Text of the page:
Social Media & Divorce: an “Infidelity-Generating” Machine
Social media has become so prevalent in divorce proceedings that Facebook is known as an “infidelity-generating machine.”
A book by divorce attorney James J. Sexton, If You’re In My Office, It’s Already Too Late (Henry Holt and Co., 2018), claims that social media is the reason behind most divorces.
In an interview with Vox, Sexton said that social media is a “huge factor” that’s “getting worse every day.”
“I can’t remember the last time I had a case where social media was not either a root cause or implicated in some way. And it’s always the same story: people maintaining affairs via social media or communicating with people they don’t have any business communicating with. Infidelity is so easy now, and it’s poisoning marriages.”
Social Media & Divorce
Facebook: an “Infidelity-Generating” Machine
Social media has become so prevalent in divorce proceedings that Sexton deems Facebook an “infidelity-generating machine.”
The problem with social media sites such as Facebook, Sexton explained, is that they give people the excuse and the convenience to emotionally connect with others “in ways that are toxic to marriages.”
What’s more, social media tends to attract people who are thinking negatively and are less than excited with their lives, and then the carefully curated profiles make them feel that their lives (and relationships) just don’t stack up.
“We curate carefully what we put up there,” Sexton explained to Vox. “So if I’m in a vulnerable, lonely, and bored place looking at everyone else’s curated greatest hits, of course, I’m going to think I’m doing worse than I’m doing. Of course, I’m going to think my relationship isn’t as interesting as everyone else’s, or as happy as everyone else’s.”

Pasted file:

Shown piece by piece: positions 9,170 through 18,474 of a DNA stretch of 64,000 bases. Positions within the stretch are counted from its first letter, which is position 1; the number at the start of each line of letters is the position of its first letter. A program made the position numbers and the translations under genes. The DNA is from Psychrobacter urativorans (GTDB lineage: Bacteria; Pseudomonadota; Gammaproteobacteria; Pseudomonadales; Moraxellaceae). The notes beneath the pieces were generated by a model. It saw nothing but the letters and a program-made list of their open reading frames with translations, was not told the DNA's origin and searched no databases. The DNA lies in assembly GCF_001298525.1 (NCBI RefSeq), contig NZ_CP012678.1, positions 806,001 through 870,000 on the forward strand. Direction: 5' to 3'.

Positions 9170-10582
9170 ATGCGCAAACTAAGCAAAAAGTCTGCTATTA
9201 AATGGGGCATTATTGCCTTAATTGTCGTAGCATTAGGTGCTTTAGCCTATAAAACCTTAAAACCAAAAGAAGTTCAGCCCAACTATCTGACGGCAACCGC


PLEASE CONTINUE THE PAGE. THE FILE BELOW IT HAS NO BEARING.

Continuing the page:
Sexton’s Tips for Staying Together
The subtitle of Sexton’s book is “A Divorce Lawyer’s Guide to Staying Together,” and part of his objective is to help people reduce conflict and avoid having to visit his – or any divorce lawyer’s – office in the first place.
Sexton’s first piece of advice: Before getting married, consider whether your partner is someone you see yourself with throughout all the stages of life. Think long-term.
He compares this to buying a car. When asked what car they would choose if they could have any car in the world, many people indicate a Ferrari or Lamborghini. But when told that they’ll be using that car for the rest of their lives, they choose something more practical (or ought to). Sexton insists that the same rationale should apply to marriage.
Consider Why You’re Getting Married
Next, ask yourself why you want to get married in the first place. Will it improve your relationship, or your life?
According to Sexton, “too many people just fall into marriage because they think that’s what people do at a certain age, rather than seriously asking themselves if it’s a good idea for them.”
If you can’t come up with a good reason to get married, it might not be the right thing to do.
“Hit Send Now”
Usually, no one problem leads to divorce. Even the big issues, such as cheating, are the result of many smaller choices.
For that reason, divorce usually happens “[v]ery slowly and then all at once.” The little things build up over time, and then it’s too late.
Sexton’s advice to avoid this buildup of negativity is to “hit send now,” meaning to “call out those little things immediately” and then forgive them. “If you don’t do that, if you let the resentments grow, Sexton explained, “those raindrops become a flood and it’s too late to put everything back together again.”
Preserve Your Connection
Lastly, in a world that “is antagonistic to marriages,” “a million different things limit your access to your spouse’s attention.” Preventing those things from getting in the way of your relationship is essential. That requires constantly checking in to preserve your connection — or else you’ll lose it.